Regulatory import controls – balancing international commitments and local problems
Asian regulators are acutely conscious of both local financial market risks and how their respective jurisdictions are affected by foreign developments.
This broad perspective is demonstrated by the range of risk issues that are currently being addressed and include structural (recovery and resolution), operational (electronic trading) and enforcement (the increasing levels of focus on FX and other rate-fixing scandals).
Ultimately, the various threads come down to business management and how a business is conducted (and seen to be conducted) and how it is lived and breathed by everyone in that organisation. This point is underlined in the latest Annual Report of the Hong Kong Securities and Futures Commission (SFC), where the text of the Chairman's and CEO's respective statements is dominated by references to "good corporate governance" and "conduct in financial firms". There was also reference made to "tone from the top". It has been made abundantly clear in Asia (and elsewhere) that these things matter, not least in terms of assessing financial penalties and reputational damage when problems arise.
The SFC has conducted 296 risk-based inspections of regulated entities in the past year, with particular attention paid to client asset protection, internet trading and intermediaries' selling practices.
The SFC also instituted a heat mapping based internal risk register for it to bring to bear its internal resources to tease out what the regulators consider to be the highest risks to target across the markets, covering entities, infrastructures and activities.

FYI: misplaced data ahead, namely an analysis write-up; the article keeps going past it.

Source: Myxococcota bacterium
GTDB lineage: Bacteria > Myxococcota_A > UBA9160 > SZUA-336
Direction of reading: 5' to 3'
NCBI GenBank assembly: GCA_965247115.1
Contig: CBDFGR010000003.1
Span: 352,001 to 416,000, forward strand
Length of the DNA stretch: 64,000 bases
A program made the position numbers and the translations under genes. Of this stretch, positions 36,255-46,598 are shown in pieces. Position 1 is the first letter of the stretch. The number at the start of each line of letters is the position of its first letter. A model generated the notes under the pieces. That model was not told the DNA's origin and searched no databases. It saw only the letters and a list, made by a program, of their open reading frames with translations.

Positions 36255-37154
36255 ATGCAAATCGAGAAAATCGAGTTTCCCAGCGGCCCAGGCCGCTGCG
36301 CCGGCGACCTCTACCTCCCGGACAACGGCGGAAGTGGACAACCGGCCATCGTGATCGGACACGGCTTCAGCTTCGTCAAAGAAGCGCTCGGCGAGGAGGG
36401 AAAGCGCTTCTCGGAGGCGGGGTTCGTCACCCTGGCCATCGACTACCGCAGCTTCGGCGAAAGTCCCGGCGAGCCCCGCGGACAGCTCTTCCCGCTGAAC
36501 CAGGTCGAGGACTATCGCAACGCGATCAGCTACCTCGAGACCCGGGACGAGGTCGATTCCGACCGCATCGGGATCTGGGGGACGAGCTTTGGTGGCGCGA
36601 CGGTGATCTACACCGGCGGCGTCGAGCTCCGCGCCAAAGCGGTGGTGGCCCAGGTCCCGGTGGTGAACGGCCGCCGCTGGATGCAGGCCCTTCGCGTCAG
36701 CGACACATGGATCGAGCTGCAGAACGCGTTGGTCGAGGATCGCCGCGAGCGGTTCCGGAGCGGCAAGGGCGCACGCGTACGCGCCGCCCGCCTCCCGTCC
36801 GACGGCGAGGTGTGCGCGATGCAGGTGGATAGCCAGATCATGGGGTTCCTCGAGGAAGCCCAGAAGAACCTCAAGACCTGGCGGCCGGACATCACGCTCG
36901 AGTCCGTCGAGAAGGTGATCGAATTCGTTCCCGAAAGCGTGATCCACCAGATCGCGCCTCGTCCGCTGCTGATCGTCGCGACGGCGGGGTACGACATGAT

As a result of all the above, a series of layers of risk-based regulations can be divined:
- At a higher level, public consultations are on foot concerning recovery and resolution to conform with international requirements for the implementation of a suitable regime by the end of next year. That is also in line with Singaporean and Australian moves to meet the deadline. There are significant challenges to arrive at a coherent, compliant (but suitable for domestic purposes) regime within the time limit. As a result, the need for business certainty haunts the system and policy, and possibly structural, changes that need to be planned for at management level. Asia is late in the game in this area, so although there is a degree of second-mover advantage, there is also a degree of haste that needs to be kept under control.
- The introduction of mandatory trading, clearing and reporting again highlights local and cross-border issues, and the uncertainties and risks created by piecemeal regulatory development. Planning for the set-up of business operations is made again more complicated in Hong Kong by the multiple stages of implementation, including the proposed introduction of additional regulated activities for OTC derivatives trading and advisory services and clearing services. The interconnection among the various current and future activities and exemptions, and the lack of any set timetable for launch of the regulated activities, make forward planning highly challenging, particularly for new businesses which can be caught in a situation where they may need to apply for a licence that will no longer be required by the time their application would otherwise have been processed. There will need to be flexibility and pragmatism shown by the regulators to smooth the path.